Everett Chiropractic Center Blog

June 19, 2013

Investing in Tai Chi: The Corporate Wellness Movement


From The Harvard Medical School Guide to Tai Chi, by Peter M. Wayne, PhD, with Mark L. Fuerst

Page 245

Use Your Travel Time to and from Work to Practice Tai Chi Principles

“Sometimes on my way to work, I’ll practice slow, deep-breathing exercises.” “throughout the drive, I pay attention to my posture, including how I’m holding my arms on the steering wheel.”

Set Up Your Work Space

“The principles of efficient, supported postural alignment you leaned in Tai Chi training translate directly into how you sit at your desk.”

“These intuitive Tai Chi principles at your desk overlap with the rapidly growing field of ergonomics.”

“Heightened body awareness and sensitivity garnered through Tai Chi training may help you notice improper body alignment and strained postures at work. If you already have injuries due to repetitive strain on your joints, osteoarthritis, or back pain. Tai Chi may help you manage and minimize symptoms and allow you to work more easily. “… The ergonomics principles of Tai Chi apply not only to desk jobs but to physical tasks as well. One of my teachers, Robert Morningstar, has worked to integrate Tai Chi principles into vocations as diverse as those involving aircraft pilots, assembly-line workers who lift heavy objects, and cashiers at supermarkets.”

“… University of Vermont researchers investigated whether a Tai Chi workplace wellness program was a cost-effective way to improve physical and mental health, reduce work-related stress, and improve work productivity among older nurses (average age 54) who worked in a hospital. Six nurses attended Tai Chi classes once a week at the hospital and practiced on their own for 10 minutes each day at least four days per week for 15 weeks. Five other nurses did not do Tai Chi. During the study, the Tai Chi group took no time off of work, whereas the controls were absent for 49 hours. Tai Chi also led to a 3 percent increase in work productivity and a significant improvement in the functional reach of the nurses compared to the control group.”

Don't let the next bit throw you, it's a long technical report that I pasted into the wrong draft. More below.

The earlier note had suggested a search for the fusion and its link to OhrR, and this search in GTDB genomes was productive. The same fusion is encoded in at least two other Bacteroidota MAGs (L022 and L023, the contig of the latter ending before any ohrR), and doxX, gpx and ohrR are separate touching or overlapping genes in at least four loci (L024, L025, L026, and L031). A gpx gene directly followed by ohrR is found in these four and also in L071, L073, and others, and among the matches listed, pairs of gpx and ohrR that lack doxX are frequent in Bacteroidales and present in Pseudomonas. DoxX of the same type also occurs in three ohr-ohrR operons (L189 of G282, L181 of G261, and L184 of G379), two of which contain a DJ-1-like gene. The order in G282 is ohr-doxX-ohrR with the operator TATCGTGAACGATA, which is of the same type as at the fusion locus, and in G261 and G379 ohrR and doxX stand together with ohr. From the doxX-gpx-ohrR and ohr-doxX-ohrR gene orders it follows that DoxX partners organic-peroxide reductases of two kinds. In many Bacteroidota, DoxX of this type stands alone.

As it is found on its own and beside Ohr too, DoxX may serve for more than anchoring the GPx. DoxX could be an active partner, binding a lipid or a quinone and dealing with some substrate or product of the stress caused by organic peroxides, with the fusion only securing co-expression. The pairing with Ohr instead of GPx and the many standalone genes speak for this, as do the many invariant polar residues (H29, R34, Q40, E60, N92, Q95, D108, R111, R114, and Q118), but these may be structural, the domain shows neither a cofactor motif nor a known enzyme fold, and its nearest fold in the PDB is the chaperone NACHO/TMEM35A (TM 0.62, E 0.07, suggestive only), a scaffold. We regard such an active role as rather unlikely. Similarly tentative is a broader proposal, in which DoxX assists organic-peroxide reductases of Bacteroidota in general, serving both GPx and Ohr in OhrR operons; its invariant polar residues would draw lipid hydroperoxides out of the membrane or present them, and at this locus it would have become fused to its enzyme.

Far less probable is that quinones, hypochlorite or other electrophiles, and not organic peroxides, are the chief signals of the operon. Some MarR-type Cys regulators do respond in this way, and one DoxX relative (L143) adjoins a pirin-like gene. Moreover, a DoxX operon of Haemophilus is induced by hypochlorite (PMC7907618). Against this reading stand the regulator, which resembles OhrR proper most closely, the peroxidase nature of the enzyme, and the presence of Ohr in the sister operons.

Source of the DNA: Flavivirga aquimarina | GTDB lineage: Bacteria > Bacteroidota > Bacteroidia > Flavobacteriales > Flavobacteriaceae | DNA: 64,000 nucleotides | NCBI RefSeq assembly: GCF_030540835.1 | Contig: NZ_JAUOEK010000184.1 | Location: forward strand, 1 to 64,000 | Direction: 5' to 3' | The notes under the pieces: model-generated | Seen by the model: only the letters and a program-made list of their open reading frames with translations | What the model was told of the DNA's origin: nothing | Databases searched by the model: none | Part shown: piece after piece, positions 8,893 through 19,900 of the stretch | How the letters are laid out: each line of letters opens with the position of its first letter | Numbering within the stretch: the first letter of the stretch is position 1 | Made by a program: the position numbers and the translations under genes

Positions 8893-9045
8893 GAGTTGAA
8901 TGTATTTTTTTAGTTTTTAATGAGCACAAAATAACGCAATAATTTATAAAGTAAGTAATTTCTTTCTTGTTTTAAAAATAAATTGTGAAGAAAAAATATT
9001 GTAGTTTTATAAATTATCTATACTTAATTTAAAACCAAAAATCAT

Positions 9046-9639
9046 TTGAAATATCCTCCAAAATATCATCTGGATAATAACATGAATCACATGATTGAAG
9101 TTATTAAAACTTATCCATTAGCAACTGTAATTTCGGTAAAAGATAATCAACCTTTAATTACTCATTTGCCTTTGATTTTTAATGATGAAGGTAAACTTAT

[It’s a classic for a Tai Chi person to talk about “always” doing Tai Chi. It makes no sense to the average person, but we mean it. The breathing, the body mechanics, the relaxation, the concentrated focus of attention, and the philosophy of non-resistance. These principles are all resourceful in any context. When I crashed my bicycle at high speed several years ago, it was Tai Chi that saved me: in a flash I had rolled on the asphalt and came up onto my feet, holding the bike out at arms length with one hand. There was not even a scratch. And that’s not the only time the “self-defense” application has come into play. Tai Chi probably saved my life in a high speed freeway incident in which I had less than two seconds to make three critical moves to avoid crashes with any one of several cars – no one hit anything because I made those moves. It was one of those “slow motion” (“Matrix”) moments… at 60 miles per hour. I credit Tai Chi.]



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    Comment by www.youtube.com — June 3, 2014 @ 5:22 am

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